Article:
Documentary Review: All Inclusive

Film Review

All Inclusive: A Documentary About People With Cognitive Disability And Fighting Spirit

Viktoria Geldner

With the Special Olympics starting in June, All Inclusive is a documentary about four athletes that sets the tone for the competition in Berlin. Determined, unswerving, and full of fighting spirit, this film allows the audience to partake in the athletes’ journey towards the games – all while being pleasantly unobtrusive.

The Special Olympics, not to be confused with the Paralympics (where athletes with physical disability compete), have put cognitive disability into the spotlight. Nonetheless, also without the summer games pending, (cognitive) disability, in one way or another, has been far from absent from public discourse and cultural productions.

Yet another documentary about (cognitive) disability … Or is it?

The documentary All Inclusive is accompanied by subtle music, nothing inspiring, nothing empowering, nothing uplifting, usually employed during the shots of the athletes’ environment. This leaves room for the camera – and the audience – to take in what they see and to form their own opinion based on their impressions.

What is shown is the reality the four athletes and their surrounding encounter during their journey towards the Special Olympics. The film provides them with space to speak by recording what is said, oftentimes taking up the position of a quiet observer. The athletes’ dedication, willpower, and fighting spirit is conveyed nonetheless, and is also detached from the disability.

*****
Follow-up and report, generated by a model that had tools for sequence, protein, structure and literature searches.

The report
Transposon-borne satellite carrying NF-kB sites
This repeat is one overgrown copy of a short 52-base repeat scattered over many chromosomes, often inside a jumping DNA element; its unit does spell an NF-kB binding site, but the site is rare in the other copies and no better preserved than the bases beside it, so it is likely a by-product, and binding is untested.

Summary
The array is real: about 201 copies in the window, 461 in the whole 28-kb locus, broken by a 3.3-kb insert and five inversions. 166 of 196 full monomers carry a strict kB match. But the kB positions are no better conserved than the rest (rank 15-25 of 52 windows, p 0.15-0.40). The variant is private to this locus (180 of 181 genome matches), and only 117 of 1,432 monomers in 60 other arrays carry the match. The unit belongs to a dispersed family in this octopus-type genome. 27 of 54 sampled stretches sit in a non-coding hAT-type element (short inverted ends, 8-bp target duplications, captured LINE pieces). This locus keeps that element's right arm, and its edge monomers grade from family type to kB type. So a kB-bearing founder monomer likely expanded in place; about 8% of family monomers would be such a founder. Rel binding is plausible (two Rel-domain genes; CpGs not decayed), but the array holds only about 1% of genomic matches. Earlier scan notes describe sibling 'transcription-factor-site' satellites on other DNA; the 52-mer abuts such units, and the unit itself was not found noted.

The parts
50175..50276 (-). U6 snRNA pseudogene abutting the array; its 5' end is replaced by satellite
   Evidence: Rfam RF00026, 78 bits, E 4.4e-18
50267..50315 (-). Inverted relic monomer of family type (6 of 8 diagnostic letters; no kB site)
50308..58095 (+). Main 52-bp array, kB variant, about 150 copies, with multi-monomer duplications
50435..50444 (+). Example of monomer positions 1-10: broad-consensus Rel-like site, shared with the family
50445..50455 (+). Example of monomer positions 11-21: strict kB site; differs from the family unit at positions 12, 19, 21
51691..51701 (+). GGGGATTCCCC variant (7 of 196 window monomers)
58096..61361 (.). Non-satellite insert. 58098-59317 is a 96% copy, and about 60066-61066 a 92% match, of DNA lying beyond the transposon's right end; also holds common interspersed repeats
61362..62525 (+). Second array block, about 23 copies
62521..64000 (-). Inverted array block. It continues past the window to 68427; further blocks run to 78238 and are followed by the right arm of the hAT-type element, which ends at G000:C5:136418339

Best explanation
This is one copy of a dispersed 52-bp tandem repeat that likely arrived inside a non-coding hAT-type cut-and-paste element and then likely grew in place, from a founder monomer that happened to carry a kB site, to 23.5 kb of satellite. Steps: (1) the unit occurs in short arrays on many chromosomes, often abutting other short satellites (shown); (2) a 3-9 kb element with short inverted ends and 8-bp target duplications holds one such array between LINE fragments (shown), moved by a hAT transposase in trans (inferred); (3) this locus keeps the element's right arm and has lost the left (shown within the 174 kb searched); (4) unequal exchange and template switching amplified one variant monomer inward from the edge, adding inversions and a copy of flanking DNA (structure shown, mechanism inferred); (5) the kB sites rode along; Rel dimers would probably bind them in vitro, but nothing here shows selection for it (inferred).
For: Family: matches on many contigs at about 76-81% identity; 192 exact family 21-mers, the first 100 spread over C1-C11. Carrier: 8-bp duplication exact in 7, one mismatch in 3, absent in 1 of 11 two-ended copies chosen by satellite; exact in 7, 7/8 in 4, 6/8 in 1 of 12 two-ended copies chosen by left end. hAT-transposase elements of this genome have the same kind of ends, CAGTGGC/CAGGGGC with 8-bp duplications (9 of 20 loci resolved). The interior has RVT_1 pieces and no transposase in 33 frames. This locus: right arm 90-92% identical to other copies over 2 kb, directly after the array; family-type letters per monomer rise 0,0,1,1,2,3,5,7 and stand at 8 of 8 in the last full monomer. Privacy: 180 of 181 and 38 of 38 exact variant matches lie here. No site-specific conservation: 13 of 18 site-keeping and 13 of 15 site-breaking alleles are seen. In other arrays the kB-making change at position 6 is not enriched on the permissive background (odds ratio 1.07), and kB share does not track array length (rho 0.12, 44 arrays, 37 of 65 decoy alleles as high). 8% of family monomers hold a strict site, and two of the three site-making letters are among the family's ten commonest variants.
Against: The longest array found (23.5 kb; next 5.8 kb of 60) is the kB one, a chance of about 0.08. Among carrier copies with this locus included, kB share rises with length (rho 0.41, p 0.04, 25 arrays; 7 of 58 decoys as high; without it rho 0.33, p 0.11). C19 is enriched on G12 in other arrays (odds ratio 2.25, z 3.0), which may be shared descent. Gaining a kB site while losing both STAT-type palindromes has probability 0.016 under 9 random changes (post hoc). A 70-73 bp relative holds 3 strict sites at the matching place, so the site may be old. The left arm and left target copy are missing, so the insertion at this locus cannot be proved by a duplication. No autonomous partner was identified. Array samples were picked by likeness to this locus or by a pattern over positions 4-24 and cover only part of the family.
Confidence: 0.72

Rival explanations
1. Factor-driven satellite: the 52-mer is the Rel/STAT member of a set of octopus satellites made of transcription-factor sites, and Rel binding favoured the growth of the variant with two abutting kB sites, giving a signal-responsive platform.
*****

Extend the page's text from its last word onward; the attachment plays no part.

The opposite, more common phenomenon, so called Inspiration Porn, is usually the case: a person with a disability is praised for whatever the person does. The action is thereby labeled ‘inspiring’ for able-bodied persons, since the disability presumes that the disabled person is not able to do anything apart from being disabled (the phenomenon of the disability overshadowing every other aspect of a person’s existence is called Halo Effect). This way, everything turns into an achievement. And this is precisely what All Inclusive does not: to push an inclusive agenda. Diversity and inclusion take place by themselves, effortlessly, as something natural.

No sugar-coating

What many documentaries do when framing disability is focus on the ‘tragedy’ of difficulty and conflict. While it is true that disability, like everything in life, entails difficulty, All Inclusive has a different approach to it: conflict – arguments, disappointment, disagreement – is shown in the same hands-on manner as everything else in the film. However, the focus does not lay on disability: it lays on the athlete, who must learn a lesson in order to grow and develop as a human being, with or without disability. The same goes for the athletes’ way of going about their lives: “I don’t want things to be made easier for me,” says one of them. “I want to be challenged.”

In this way, All Inclusive is an uncommon documentary with a unique approach. Serving as a platform to let people with cognitive disability as well as their surrounding speak their minds, detached from emotions steering the way the audience is supposed to react, the documentary shows the athletes going about their way in a blunt, unobtrusive manner, and offers both a refreshing insight into disability as well as a possible approach of documentary-style films to the subject.